Alright, boys and girls. It’s that time of year again- Nader Season in Oklahoma! Clean the spiders out of your fraidy holes and get out your best “Gone Squatchin’” t-shirt in case you happen to make it on the local news.
Seriously though, it’s time to do some prep work. Especially if you are new to this part of the US and don’t quite have a full appreciation for our nasty weather that we sometimes have. Nasty and sometimes downright dangerous.
I grew up here so I’ve been well-versed in weather safety for quite a while. I’ve spent more time down in cellars/storm shelters than I could possibly count – and there are some things you should do to help stay safe & calm.
Lesson 1: Wear appropriate clothing.
Closed-toed shoes, long-sleeved shirts, and pants are great to help protect you from hazards. Wear some glasses if you can or have some protective eyewear in your shelter. And ladies – wear a bra. Consider that you may have to be in public in whatever you wear to your shelter.
Lesson 2: Have a bug-out bag.
This is what I call a backpack I have with items in it that we need that I don’t necessarily want to keep in the cellar. Some things I have in mine are a battery-powered weather radio, a flashlight with extra batteries, packaged snacks, bottled water, cell phone chargers, hand sanitizer wipes, and a day or two’s worth of your prescription medications. If you have kids or pets, you’ll want to have necessities for them like formula, diapers, wipes, etc. If you have room, you may add things like activity books, a gaming device, a comforting stuffed animal, etc to help keep the kids calm and entertained while you are waiting for the storm to pass. It would also be wise to have a small first aid kit in the bag or stored in your shelter. Be sure to have a metal whistle (like that crazy coach/teacher you had in high school) so you can alert people in the event you get stuck in your shelter. Also, having a whistle gives you an air of authority and can be a rad musical instrument if you get bored enough.
So as I mentioned before, there are some people who really really really don’t like going into storm shelters to the point it might be dangerous for them. Fear not! There are ways you can make the cellar a little less terrifying and dare-I-say, pleasant?
Lesson 3: Beautify and cozify your shelter.
You can get all sorts of lighting, from more practical lights to colorful LEDs or even super cute shaped string lights. Nothing says “this is almost like a tropical vacation” like flamingo string lights.
You can also get battery-operated fans which are PERFECT to help circulate the musty air and to keep it from being so stuffy and hot.
If you don’t have built-in seating, you’ll probably want to have some chairs to sit on. Folding chairs are great because they take up less space if you aren’t using them, are easy to clean, and are light to move around.
Because it’s often raining when you go to the shelter, you might want to keep some towels inside sealed bags and inside a plastic tote box in there so you can dry off. You can also use them as makeshift pillows to get more comfortable if you are there for an extended time.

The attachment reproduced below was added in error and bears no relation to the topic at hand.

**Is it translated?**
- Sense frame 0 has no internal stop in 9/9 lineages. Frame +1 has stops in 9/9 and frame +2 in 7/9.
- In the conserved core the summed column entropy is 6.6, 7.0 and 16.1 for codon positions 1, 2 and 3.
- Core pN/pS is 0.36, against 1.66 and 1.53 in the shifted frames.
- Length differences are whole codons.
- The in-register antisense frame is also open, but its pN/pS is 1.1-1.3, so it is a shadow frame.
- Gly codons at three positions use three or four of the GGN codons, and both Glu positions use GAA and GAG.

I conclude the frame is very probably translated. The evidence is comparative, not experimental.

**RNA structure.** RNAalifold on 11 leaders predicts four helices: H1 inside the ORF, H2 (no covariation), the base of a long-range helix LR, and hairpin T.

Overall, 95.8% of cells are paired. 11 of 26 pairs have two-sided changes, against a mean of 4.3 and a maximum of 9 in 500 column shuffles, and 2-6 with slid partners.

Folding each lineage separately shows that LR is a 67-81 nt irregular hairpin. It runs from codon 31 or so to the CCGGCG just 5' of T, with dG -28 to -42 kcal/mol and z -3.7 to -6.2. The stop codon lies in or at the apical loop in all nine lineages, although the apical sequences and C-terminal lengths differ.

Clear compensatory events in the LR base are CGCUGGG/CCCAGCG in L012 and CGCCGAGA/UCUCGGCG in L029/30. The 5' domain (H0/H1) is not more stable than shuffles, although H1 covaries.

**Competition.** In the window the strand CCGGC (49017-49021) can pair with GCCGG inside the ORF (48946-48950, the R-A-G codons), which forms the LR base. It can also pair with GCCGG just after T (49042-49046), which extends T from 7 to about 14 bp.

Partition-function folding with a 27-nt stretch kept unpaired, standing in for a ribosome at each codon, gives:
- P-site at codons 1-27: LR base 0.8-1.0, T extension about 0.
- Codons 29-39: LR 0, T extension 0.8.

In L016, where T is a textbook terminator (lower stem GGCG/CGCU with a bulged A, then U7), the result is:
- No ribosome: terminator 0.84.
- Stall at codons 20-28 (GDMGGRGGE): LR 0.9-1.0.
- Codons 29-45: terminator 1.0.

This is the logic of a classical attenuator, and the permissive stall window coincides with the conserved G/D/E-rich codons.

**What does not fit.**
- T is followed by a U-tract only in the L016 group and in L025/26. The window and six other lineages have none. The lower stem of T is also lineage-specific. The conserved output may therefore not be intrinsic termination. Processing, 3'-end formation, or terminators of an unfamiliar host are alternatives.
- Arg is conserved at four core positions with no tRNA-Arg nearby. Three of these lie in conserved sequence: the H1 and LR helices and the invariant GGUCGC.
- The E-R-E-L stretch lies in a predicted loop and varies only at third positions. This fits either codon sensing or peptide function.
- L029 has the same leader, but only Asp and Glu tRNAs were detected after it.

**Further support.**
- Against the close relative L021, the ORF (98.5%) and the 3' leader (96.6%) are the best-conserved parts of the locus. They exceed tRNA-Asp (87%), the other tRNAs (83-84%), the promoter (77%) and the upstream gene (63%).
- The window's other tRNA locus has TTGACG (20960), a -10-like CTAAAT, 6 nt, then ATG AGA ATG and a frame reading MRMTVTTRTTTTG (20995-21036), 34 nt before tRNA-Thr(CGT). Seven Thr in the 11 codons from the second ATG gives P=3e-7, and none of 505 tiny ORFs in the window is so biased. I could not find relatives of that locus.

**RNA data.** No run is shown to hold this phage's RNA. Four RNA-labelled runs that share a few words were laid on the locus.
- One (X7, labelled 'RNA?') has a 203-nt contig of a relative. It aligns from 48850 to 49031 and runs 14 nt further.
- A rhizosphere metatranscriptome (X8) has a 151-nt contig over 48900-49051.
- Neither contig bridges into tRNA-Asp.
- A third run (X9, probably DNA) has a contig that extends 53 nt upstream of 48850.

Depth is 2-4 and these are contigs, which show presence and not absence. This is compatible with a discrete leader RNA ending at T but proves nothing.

Some people I know have chosen to paint the walls in their cellars or add cheerful phrases or art to their walls. I have a magnetic board in mine that has magnetic “paper dolls” that the kids can play with. I also decorated my plastic tote storage boxes with pretty and quirky printed “Duck Tape” to jazz things up a bit. Trust me, anthropomorphic cartoon pickles make everything better.
If you are lucky enough to have a storm shelter with magnetic walls, the possibilities are endless with all the fun magnetic shelves, decor, and doo-dads you can buy including lights and fans with magnetic backing.
Lesson 4: Record/document your valuables.
You can take digital pics or videos and upload them so you can easily access them if you need to do so. Trying to remember the plethora of possessions after a traumatic event is a Herculean task, so just do yourself a favor and be prepared ahead of time. You should also consider a safe place for storing important documents like birth certificates, passports, marriage licenses, etc.
On a semi-related note, make sure you have your current drivers’ license on you with your correct address. If a tornado occurs and you evacuate, you will likely need your identification to get back into your neighborhood.
Hopefully, this list will be helpful to those of you who have storm cellars. If you are not fortunate to have one, pretty please educate yourself on what to do during severe weather. We have had too many tornadoes happen to not be prepared and have respect for what a powerful force they truly are.
I say this not to scare you but only to inform you that if you live here long enough, the more likely you are to experience severe weather in some capacity.
Now, if you need me I’ll be on my porch wearing my American flag onesie drinking a Pabst Blue Ribbon beer with my pet pig. I hear there might be storms a’coming and I want to be camera-ready.